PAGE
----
Linda Arnold: ThanksLIVING — A Holiday Twist To Celebrate
Thanksgiving is my second favorite holiday — only to be surpassed by New Year’s Day — the ultimate new beginning (but that’s another column!)
My family, friends and co-workers have been known to secretly (or not so secretly) groan when I’ve pulled out the traditional decorations over the years and “The First Thanksgiving” story - encouraging everyone to read a stanza while passing around the pilgrim hat to wear. One can never get too much of Miles Standish, Priscilla Alden and Squanto!
I’ve always taken it in stride, though. It’s like charades - everyone rolls their eyes when it’s mentioned, yet they really get into it once the clues are given - and people start acting out their parts. Hidden talents and pockets of creativity emerge that you never knew existed!
The alphabet and the calendar
Rather than focusing on one day a year for giving thanks - which often gets blended with football and naps - I’ve started to reframe the holiday as ThanksLIVING. It’s really a way of life, rather than the observance of a single day.
What a difference a letter makes! Just think about it. Unlike other traditions, the season of ThanksLIVING has no beginning or end - no retail displays in October or clearance sales in January.
Taking Creative License
My license plate says LIVE. People ask me if it’s pronounced like the word, alive, or whether it rhymes with the word, give. My original concept was the latter, although they’re really interchangeable concepts.
Either way, the license plate is there to remind me to live fully now - that this is not a dress rehearsal. Sometimes I take notice of it during my daily rounds, and sometimes it just fades into the background. Its visibility helps me stay conscious of my intention to LIVE fully, though.
Switching gears from autopilot
It’s easy to take things for granted - and to sleepwalk through our lives. And then we can get jolted by a sudden event. Or a wakeup call from a medical report, illness or accident.
To put things into perspective, think of the stories of newly-released hostages. They’re so grateful for the green grass and blue sky. It’s almost as if they see colors more vividly and smell things more intensely.
Maybe they’ve “come to their senses” through being deprived of these everyday wonders - whereas our senses have been dulled by the overabundance of such exposure. And then we catch ourselves complaining about trivial things. Let’s face it, though - is the traffic delay really that bad?
Of course, it’s impractical (and inauthentic) to stay in a state of euphoria all the time. Life is full of contrasts, and we all have our ups and downs. I’m just saying that an ongoing consciousness of ThanksLIVING may help.
Practice makes perfect
That’s the thing with gratitude. It takes practice to keep this discipline front and center in our lives. And, while it may sound mechanical, establishing a framework of gratitude requires repetition - just like any other habit. After awhile, though, the triggers are in place. And the mindset comes along more easily.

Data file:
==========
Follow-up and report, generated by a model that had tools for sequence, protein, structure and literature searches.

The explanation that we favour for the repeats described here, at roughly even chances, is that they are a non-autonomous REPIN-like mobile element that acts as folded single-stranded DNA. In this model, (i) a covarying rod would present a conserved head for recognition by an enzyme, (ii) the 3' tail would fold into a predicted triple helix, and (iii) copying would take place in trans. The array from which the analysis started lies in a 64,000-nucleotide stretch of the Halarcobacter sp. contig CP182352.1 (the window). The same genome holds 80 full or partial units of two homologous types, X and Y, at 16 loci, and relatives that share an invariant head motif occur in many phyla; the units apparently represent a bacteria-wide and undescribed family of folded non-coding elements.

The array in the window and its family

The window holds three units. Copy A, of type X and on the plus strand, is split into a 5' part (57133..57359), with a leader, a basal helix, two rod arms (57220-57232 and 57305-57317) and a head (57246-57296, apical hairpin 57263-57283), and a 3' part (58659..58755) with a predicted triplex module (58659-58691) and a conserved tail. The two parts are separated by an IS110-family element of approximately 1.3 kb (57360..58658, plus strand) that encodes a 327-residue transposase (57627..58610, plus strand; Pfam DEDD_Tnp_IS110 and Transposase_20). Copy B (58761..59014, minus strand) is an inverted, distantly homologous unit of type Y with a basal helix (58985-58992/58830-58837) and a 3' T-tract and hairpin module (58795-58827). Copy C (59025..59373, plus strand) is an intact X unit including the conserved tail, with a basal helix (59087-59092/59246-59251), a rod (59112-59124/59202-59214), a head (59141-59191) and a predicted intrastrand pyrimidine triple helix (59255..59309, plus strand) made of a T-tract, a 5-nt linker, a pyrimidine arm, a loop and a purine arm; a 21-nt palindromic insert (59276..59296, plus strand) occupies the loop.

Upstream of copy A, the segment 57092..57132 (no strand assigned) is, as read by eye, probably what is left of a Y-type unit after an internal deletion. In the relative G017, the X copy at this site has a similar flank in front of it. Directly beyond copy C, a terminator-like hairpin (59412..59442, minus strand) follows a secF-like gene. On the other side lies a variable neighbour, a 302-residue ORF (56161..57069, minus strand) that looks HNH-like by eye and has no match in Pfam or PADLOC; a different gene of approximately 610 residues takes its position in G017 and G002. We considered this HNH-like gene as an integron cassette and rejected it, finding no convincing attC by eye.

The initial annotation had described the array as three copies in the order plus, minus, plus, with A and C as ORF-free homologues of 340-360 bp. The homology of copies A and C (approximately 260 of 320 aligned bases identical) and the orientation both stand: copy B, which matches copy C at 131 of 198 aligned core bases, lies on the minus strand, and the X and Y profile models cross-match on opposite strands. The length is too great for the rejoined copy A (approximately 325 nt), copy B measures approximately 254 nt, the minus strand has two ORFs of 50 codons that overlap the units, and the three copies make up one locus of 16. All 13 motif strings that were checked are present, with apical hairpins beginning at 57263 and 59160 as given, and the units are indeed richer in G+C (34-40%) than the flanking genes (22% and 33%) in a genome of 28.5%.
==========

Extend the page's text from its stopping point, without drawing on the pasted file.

If you start to look for elements of gratitude in most everything that happens in your life, you’ll develop some new patterns. The theory is that you draw experiences into your life based on your level of consciousness. If you’re continually in a downward spiral, you’re likely to attract more of that type of energy.
Not feeling the love?
You may be so overwhelmed by circumstances in your life - or the world at large - that you don’t feel like counting your blessings. And then you can end up feeling guilty about not being more grateful. Guilt is actually fear turned inward, though, and there’s enough fear going on in our outer world!
Go ahead and wallow in your pain a bit. Once you’ve had your time in the valley, start crawling back up to the peak (or at least the line of scrimmage). Look at the things that are going RIGHT.
If you always focus on what’s wrong - or all the things you don’t have - you can wind up feeling a sense of lack. And that’s what will likely manifest. Which reminds me of the saying, “Be careful what you wish for.”
You may not think you’re “wishing” when you continue to stay in the valleys of your life. However, your system picks up on these repetitive signals and interprets it this way.
If I have one wish for you this Thanksgiving, it’s that you treat yourself with a little more kindness. Author Stephen Levine says to “treasure yourself.” In most cases, you’re doing the best you can.
If you’re not “feeling the love,” this Thanksgiving, remember you can change your perspective to ThanksLIVING: An Endless Season.
And then watch what happens.
2018 Linda Arnold Living Well, all rights reserved. Linda Arnold, M.A., M.B.A., is a syndicated columnist, psychological counselor and Founder of a multistate marketing company. Reader comments are welcome at firstname.lastname@example.org For information on her books, go to www.lindaarnold.org or Amazon.com.